A common myth got shattered last week when the entity known as the Local News Service lost one of its three subscribing Atlanta TV stations. The myth is this: That the “news media” is a conspiratorial, monolithic entity that works in lockstep to feed garbage and liberalism to the masses. The truth is much, much messier.
In Atlanta, there is very little about the news media that is in lockstep. Sure, they show up at the same stories. They often make similar judgments, the sort that deliver stories like the Cobb County cheerleader thief as the lead for newscasts from Atlanta to Timbuktu. But they are also independent and competitive.
Their independence is what keeps WSB from participating in newly-formed pool arrangements like LNS and the helicopter sharing arrangement between WAGA and WXIA. And surprisingly dissimilar news judgment forced WGCL from the LNS last week.
LNS was formed as a cost-effective way to cover stories considered no-brainers: Press conferences, low-priority but essential ceremonies and events, the occasional meeting and such. One photographer covered this stuff and sent it to all three LNS member stations.
Now there are only two: WAGA and WXIA.
WGCL got out after a series of questionable LNS assignments: It shot press conferences WGCL didn’t want to use. It shot a promotional event for a grocery store. It shot AFLAC night at a Braves game. And LNS is apparently slow to respond to breaking news, probably because the TV stations are playing chicken with one another to see who knows about what breaking news, and how soon.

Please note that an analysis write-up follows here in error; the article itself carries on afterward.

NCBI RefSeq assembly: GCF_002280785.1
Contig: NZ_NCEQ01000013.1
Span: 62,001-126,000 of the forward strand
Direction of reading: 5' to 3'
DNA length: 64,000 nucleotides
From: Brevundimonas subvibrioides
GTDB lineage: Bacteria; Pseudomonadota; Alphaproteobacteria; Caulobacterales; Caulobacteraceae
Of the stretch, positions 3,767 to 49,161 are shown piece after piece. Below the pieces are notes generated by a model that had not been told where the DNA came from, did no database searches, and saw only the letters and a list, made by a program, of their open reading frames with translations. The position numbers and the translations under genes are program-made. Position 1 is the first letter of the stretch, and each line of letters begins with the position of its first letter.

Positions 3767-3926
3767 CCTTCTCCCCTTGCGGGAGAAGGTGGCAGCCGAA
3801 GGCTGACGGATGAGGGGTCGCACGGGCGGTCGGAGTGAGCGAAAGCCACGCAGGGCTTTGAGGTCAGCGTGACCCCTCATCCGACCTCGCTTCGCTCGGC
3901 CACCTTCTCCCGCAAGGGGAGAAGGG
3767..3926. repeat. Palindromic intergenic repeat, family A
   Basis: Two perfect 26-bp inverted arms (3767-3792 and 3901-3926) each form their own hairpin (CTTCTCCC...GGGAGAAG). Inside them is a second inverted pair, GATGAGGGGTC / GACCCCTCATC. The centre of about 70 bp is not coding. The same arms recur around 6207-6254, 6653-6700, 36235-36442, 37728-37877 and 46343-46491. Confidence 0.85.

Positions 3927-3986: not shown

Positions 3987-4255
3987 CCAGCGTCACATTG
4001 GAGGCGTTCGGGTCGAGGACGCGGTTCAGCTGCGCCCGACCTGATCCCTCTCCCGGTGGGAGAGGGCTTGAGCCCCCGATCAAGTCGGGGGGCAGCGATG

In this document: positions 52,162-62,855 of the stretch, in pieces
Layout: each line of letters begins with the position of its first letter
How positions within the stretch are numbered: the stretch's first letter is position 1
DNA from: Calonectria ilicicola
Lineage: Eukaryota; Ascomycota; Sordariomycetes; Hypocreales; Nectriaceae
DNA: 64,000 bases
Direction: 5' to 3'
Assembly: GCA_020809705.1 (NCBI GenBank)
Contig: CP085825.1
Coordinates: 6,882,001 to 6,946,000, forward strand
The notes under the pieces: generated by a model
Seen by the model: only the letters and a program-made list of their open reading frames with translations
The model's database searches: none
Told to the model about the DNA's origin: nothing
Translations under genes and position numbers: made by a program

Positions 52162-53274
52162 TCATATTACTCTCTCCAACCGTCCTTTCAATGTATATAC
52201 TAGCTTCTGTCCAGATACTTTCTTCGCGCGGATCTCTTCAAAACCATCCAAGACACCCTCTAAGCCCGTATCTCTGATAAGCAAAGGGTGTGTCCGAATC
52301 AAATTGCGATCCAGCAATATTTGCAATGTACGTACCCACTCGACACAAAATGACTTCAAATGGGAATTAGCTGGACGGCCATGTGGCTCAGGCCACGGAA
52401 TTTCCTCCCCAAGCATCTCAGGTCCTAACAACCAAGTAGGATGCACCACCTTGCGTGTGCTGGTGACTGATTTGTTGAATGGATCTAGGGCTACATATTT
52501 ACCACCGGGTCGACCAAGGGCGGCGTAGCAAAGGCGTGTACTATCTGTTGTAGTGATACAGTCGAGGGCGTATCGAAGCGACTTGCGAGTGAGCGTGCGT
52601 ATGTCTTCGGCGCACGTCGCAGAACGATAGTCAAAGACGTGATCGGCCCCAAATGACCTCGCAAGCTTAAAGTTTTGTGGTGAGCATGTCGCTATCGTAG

News directors are the most competitive individuals among the hundreds of people employed by Atlanta’s four TV newsrooms. The news directors at WAGA, WXIA and WGCL agreed to LNS as an experiment. WGCL’s news director, a driven Philly guy named Steve Schwaid, was apparently unwilling to experiment for very long.
WGCL also declined to participate in the helicopter-sharing arrangement with WAGA and WXIA. Economic pressures will probably compel a re-examination of that position. The question will be: Will WSB consider teaming up with WGCL, or will WGCL join the WAGA/WXIA alliance? It’s a question for another day.
As we’ve said before: LNS makes sense given contracting TV revenues. So does the helicopter-sharing agreement. But it’s kinda comforting to see that it isn’t too easy. Wouldn’t want anybody to think that “the media” is anything other than a collection of independent entities making independent judgments, all in the pursuit of better stories and a bigger audience.